The Xmas break is over for this summer-time. The holiday crowds have left vacationing along the coast of the southern Fleurieu Peninsula during the extended school holidays, and returned to work in Adelaide. The schools are back and the photographers have gone.
The hot days came and went during January, with the minimium/maximium temperatures rising. The warming trend means that Australian summers are becoming hotter and the heatwaves more intense. Sadly, the sand has been disappearing from Dep’s Beach and Petrel Cove ever since the big storm in December, and these two beaches are now looking desolate.
Over the Xmas break I continued to photograph in the early morning whilst walking with Kayla. I focused on low key macro photography before the light became too bright and contrasty. The photography is hand held and quick. The conditions are not suitable for slow large format photography.
Currently, the mornings start cool, the days heat up and reach their zenith around 5 pm but, unlike drought damaged inland regions, the temperature usually drops at night. With the crowds gone, the beaches along the coast are quiet during the week, and we often have them to ourselves in the early morning around dawn and sunrise. We now have the space to be in the moment and see the transient and ephemeral nature of life on the coast.
A different approach to nature can be seen in the recreational boaties hunt for the tuna, which are migrating with the Leeuwin Current across the Great Australian Bight past South Australia to Tasmania. The hunt is on in earnest at Victor Harbor. There are traffic jams at the Bluff boat ramp at dawn on the weekends as the recreational boaties are out in force chasing the tuna off shore . The Coast 2 Coast Tuna Tournament for the biggest tuna is about to happen.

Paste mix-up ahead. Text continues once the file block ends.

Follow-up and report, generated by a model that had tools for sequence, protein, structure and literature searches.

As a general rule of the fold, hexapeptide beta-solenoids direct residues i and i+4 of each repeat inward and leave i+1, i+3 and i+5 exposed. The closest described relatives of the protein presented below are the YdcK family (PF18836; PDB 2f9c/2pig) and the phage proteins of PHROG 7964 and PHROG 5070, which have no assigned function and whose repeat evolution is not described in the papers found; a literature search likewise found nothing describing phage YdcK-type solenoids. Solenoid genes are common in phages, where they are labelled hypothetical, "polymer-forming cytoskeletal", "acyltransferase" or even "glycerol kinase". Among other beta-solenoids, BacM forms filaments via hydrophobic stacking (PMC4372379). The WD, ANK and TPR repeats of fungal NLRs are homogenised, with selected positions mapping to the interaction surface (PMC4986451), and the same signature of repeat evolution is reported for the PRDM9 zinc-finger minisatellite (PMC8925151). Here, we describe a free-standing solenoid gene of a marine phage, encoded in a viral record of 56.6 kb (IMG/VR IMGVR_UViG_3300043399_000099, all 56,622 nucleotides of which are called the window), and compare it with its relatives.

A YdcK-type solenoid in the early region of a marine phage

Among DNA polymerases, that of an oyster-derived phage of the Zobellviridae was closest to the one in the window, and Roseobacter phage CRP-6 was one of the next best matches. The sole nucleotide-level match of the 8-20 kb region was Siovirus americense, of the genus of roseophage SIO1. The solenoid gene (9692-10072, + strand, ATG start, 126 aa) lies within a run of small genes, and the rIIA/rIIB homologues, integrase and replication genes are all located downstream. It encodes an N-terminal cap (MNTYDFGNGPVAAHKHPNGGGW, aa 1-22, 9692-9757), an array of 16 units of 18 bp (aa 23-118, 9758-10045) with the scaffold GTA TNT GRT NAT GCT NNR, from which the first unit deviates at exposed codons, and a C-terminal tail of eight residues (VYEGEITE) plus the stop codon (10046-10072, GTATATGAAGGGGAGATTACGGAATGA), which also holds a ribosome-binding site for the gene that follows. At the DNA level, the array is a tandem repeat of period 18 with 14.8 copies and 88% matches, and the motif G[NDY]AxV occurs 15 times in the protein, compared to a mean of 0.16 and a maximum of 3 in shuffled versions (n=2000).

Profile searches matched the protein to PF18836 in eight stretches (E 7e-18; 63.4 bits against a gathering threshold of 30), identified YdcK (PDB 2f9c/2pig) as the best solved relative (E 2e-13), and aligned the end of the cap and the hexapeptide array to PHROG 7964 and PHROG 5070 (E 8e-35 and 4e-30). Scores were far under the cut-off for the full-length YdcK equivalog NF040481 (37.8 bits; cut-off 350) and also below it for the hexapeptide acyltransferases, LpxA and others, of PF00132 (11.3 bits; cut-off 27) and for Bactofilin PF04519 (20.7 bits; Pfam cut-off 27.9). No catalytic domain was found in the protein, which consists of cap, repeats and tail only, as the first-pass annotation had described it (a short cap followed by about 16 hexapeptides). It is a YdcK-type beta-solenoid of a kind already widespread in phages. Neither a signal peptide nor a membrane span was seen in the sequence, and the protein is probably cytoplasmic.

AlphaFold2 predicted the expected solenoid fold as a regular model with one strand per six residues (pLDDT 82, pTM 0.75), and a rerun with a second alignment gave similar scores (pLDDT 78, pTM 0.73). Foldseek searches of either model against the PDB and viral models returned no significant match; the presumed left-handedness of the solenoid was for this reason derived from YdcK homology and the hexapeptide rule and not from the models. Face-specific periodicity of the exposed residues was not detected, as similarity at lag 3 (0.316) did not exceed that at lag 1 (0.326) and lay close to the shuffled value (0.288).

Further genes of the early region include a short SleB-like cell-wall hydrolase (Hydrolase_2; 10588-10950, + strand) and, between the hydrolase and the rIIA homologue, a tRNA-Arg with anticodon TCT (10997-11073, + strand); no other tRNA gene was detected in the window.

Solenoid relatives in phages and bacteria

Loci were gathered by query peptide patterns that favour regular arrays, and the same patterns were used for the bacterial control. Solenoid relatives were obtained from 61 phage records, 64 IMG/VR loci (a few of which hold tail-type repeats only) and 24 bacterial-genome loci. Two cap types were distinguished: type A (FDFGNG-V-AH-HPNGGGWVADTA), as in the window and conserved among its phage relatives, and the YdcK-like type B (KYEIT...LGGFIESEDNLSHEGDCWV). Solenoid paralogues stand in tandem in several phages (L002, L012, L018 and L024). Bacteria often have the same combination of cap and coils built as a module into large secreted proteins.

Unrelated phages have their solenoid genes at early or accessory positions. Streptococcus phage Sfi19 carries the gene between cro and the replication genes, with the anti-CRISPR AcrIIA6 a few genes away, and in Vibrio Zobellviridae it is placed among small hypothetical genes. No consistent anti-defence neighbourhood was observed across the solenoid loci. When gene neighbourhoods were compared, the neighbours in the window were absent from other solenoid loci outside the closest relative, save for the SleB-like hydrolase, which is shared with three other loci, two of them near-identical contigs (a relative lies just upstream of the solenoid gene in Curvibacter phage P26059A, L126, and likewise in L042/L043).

I walk with the poodles along the coast taking photos of the humble ephemera in the constantly changing landscape –eg., photographing the elegant simplicity of transient seaweed in the early morning light, just after sunrise. These are fleeting moments in a world of incompleteness and imperfection away from the regional society premised on an economy geared to exploiting nature.
The place around me is being shaped by the powers that be in Victor Harbor –eg., the Council. They say about their approach to placemaking that recreational tuna fishing is important economically to the coastal region, with thousands of dollars being spent on fishing gear, boats, trailers, 4 wheel drives and fuel.
I understand that South Australia has set an individual possession daily limit on recreational fishers of 2, but I don’t see this daily limit being policed at the bar ramp. It looks more like anything goes and who cares about sustainability. It’s catching the tuna that is all important.
This summer will probably continue into March and the processes of a coastal nature will continue to change the simple objects on the coast, thereby highlighting the imperfection, withering and decay of things. The Japanese aesthetic of wabi-sabi helps us to make sense of life in the littoral zone.
The climate scientists are saying that we can expect summer temperatures to rise in the future due to human activity. Australia is already experiencing climate change and what appears permanent on the coast–the sandhills– will become fragile and impermanent with the rising sea levels. Impermanence becomes the pathos of things.
The current conservative Coalition government denies it, and its ministers continue to talk about taxpayers supporting or underwriting the building of new coal fired power stations. This government too will be eventually blown away, just like the humble feathers that are washed onto the shore by the powerful tides.